My attention to these issues has always been a solitary one, resulting in my wife having to put up with my ramblings on topics she’s not particularly interested in ….. though she says otherwise. 😊

Forums like this are very rare.

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1 hour ago, Nolose said:

 

😊Forums like this are very rare.

Hi, I think they are about to become rarer still!

😁

But while we are still here, I've had some experience on other Forums where, after posting of something drawn from the Christian mystics, even the early Church Fathers, the response has been along the lines of it being "new age stuff". In the end you just tend to give up. Others seem happy enough with what they have, belief wise, and I think most like to think it is "orthodox" and grounded in "tradition" irrespective of reality. 

Anyway, as I said, "We ourselves perhaps supply a "context" according to our understanding. "

 

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On 11/3/2021 at 9:53 PM, Nolose said:

When I hear some people say Christian context, I hear them say “my” Christian context, not the other 29,999 other Christian contexts.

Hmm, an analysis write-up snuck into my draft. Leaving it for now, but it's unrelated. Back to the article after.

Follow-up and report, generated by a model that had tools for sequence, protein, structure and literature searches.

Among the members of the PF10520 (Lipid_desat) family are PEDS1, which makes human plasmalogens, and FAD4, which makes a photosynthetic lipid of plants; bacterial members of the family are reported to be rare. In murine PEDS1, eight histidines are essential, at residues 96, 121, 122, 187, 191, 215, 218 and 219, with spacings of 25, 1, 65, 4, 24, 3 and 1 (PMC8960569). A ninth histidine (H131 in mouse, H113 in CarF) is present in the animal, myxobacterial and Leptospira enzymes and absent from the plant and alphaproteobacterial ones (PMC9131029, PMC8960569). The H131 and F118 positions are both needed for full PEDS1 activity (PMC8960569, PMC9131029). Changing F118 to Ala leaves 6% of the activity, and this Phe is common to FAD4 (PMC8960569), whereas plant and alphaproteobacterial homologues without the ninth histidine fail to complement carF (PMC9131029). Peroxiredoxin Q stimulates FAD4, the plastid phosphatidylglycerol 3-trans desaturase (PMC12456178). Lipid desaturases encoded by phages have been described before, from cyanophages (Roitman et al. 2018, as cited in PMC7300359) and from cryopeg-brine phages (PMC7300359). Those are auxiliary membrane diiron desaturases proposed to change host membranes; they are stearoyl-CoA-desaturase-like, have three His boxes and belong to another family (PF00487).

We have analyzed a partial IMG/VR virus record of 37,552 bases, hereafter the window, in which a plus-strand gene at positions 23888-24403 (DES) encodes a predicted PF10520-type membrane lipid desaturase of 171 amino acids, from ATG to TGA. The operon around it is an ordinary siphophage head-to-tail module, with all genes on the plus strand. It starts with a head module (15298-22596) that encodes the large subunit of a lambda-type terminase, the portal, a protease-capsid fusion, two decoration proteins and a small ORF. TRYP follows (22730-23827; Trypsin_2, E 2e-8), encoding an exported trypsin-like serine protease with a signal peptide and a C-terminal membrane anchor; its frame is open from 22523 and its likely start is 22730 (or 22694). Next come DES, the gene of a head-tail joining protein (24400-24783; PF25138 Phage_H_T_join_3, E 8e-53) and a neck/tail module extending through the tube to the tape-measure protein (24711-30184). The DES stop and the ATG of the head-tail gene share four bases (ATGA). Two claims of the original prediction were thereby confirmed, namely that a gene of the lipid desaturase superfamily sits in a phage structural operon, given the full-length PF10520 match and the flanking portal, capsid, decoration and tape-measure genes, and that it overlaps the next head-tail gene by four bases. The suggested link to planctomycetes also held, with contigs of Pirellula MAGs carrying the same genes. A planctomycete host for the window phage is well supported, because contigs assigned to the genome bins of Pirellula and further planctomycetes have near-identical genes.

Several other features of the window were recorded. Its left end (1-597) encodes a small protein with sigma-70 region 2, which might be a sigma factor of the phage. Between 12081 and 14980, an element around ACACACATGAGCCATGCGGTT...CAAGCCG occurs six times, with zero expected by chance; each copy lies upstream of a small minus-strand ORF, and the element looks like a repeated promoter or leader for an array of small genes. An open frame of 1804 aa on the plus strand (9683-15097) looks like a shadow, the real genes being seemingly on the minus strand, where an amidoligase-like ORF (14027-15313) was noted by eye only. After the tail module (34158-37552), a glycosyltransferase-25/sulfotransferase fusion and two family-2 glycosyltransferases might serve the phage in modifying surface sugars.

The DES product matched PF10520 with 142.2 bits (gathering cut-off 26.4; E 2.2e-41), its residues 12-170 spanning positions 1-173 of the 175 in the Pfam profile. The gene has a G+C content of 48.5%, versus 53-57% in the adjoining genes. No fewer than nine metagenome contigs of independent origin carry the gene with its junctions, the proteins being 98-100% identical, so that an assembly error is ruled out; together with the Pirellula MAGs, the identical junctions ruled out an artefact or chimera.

And I'd go further to say that the earliest Christian context is likely nothing like what Christianity has morphed into in the early centuries following the death of Jesus.  I doubt the earliest of Christians actually believed that Jesus' death was a sacrificial atonement in which one needed to 'believe in' to make it to Heaven.  Being exposed to scholarship and understandings that threaten long-held beliefs and faith can be very uncomfortable for people who are so convinced with what they presently believe.

On 11/3/2021 at 9:53 PM, Nolose said:

Forums like this are very rare.

They very much are, Nolose.  That's why I am keen to keep it alive.  It can be very quiet here at times but according to our stats there are lots of eyes watching here and accessing a range of material in the various threads and forums.  I hope that helps people.  I think it's even better when people generate discussion and share their thoughts.  Thankyou for doing so.

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14 hours ago, PaulS said:

And I'd go further to say that the earliest Christian context is likely nothing like what Christianity has morphed into in the early centuries following the death of Jesus.